This is a nice experiment. The information is needed in the overall understanding of pandemic infections and of emerging infections. People are part of the environment, but we mediate our interactions through culture. In the H5N1 example, we domesticate waterfowl and therefore provide a new natural pathway. This experiment is designed to understand the characteristics of that pathway.
[Unfortunately, it doesn’t sound like the other participants in the research have been included in its design (public involvement) which means that only parts of the study have been thought through. For example, sometimes “subjects” want to be identified in reports. They contribute as much as the other experts to the success of the questions asked.]
(see if you can provide alternative hypotheses to test, that is, what other reasons may account for finding antibodies, the record of exposure, or for not finding antibodies?)
01 July 2006, By KENT ATKINSON
New Zealand scientists specialising in animal and human health are working on a pilot project to map potential pathways by which a dangerous avian influenza could spread from wild birds.
The two-part two-year study focuses on relatively benign and common strains of avian influenza virus – which do not cause disease in humans – to figure the potential risks posed by backyard poultry.
The small-scale probe of how viruses move from wild birds to poultry and whether these viruses also spread to humans will be done at the mouth of the Kaituna River in the Bay of Plenty and near Lake Wairarapa….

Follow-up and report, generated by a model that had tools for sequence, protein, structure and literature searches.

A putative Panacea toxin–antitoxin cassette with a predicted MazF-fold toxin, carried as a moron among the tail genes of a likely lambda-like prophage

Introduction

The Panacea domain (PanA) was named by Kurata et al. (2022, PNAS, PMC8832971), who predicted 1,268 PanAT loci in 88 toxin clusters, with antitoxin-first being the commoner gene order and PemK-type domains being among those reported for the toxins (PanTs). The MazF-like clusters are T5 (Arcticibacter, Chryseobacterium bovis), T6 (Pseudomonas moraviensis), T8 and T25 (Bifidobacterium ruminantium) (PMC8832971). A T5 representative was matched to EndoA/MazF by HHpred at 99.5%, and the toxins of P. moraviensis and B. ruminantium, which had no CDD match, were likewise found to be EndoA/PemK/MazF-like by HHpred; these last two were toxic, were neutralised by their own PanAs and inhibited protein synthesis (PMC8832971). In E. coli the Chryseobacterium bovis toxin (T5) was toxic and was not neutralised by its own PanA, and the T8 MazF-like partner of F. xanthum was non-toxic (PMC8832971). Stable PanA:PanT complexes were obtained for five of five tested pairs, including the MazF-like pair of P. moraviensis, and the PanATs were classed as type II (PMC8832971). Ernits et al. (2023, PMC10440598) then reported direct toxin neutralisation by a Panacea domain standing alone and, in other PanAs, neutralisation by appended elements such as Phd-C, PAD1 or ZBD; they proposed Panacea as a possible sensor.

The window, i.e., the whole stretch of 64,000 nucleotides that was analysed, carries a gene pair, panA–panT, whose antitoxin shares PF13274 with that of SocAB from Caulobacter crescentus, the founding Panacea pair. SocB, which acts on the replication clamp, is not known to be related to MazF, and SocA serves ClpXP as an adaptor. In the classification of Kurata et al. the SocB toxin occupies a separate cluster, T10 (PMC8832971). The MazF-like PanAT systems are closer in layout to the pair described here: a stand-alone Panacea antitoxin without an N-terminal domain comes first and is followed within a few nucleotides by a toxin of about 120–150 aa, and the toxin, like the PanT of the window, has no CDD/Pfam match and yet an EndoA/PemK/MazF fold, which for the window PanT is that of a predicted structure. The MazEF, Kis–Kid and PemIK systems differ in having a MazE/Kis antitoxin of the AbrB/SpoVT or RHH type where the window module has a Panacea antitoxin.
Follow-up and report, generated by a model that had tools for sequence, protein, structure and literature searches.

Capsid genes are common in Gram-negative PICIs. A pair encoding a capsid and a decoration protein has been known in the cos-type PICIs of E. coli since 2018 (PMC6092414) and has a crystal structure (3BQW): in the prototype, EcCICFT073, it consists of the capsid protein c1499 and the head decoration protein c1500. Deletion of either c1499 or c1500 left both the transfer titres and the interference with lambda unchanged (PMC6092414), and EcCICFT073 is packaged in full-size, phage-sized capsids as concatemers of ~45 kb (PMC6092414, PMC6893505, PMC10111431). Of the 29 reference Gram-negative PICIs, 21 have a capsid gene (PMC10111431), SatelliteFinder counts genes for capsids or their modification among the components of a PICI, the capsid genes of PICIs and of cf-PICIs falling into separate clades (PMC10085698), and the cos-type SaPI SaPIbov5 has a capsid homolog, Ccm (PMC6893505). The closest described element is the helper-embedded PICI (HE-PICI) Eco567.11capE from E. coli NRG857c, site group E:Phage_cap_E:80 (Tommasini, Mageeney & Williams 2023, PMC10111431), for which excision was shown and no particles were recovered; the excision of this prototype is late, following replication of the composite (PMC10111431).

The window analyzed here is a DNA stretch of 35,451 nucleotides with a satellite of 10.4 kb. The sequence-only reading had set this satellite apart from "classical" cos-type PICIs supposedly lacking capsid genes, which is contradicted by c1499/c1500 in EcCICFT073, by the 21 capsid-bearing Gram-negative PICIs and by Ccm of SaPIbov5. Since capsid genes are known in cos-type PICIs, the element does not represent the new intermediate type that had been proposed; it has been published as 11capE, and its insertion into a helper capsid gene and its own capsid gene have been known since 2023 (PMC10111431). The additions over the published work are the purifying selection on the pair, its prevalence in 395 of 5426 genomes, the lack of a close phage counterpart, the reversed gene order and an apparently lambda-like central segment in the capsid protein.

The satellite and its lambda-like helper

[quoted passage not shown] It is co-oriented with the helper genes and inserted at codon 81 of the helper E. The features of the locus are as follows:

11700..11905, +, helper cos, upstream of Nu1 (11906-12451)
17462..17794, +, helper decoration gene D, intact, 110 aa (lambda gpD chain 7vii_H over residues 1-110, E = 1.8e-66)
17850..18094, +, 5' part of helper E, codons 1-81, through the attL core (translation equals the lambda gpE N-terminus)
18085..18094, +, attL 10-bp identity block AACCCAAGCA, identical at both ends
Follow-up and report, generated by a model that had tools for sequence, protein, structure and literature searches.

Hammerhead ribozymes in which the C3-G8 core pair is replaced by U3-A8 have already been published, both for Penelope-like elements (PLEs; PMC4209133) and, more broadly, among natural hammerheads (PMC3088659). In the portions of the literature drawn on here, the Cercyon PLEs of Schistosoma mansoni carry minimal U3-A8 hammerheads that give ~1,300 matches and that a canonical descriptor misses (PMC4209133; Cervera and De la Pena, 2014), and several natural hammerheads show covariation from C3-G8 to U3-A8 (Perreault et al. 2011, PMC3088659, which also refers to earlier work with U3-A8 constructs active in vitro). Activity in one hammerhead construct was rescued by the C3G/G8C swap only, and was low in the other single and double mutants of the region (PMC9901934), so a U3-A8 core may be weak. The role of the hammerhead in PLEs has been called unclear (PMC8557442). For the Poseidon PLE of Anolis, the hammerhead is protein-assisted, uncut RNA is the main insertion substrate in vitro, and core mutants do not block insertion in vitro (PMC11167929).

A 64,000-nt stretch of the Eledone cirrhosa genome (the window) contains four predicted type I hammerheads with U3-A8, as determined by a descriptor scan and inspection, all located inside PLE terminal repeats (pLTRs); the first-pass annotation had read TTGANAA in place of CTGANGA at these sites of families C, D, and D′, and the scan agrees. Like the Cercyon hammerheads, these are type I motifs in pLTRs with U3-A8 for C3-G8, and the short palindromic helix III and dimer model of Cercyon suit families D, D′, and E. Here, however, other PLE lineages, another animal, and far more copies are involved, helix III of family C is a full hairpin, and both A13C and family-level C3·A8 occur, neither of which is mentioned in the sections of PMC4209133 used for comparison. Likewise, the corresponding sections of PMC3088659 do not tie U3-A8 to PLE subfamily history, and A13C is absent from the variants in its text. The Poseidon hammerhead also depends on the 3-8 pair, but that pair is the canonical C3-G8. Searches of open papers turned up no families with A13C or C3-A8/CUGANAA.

New Zealand has never recorded a dangerous avian influenza virus such as the H5N1 strain in its birds, but has 35 harmless strains in wild birds.
So the researchers from the new National Centre for Biosecurity and Infectious Disease (NCBID), which brings several groups together, will search for the harmless strains to get clues about how a dangerous virus might spread if it got into the country. …
“In a nutshell. . . how viruses in wild birds might move into backyard poultry. . . and how humans living in those households might be exposed to infection,” said Bruce Adlam who works for Environmental Science and Research….
Dr Adlam said researchers hoped about 40 households on smallholdings would volunteer to help in each of the two study areas, so that in each area 10 with the most exposure to wild birds could be chosen.
The information from participants would be confidential, and identities would not be disclosed in the scientific reports.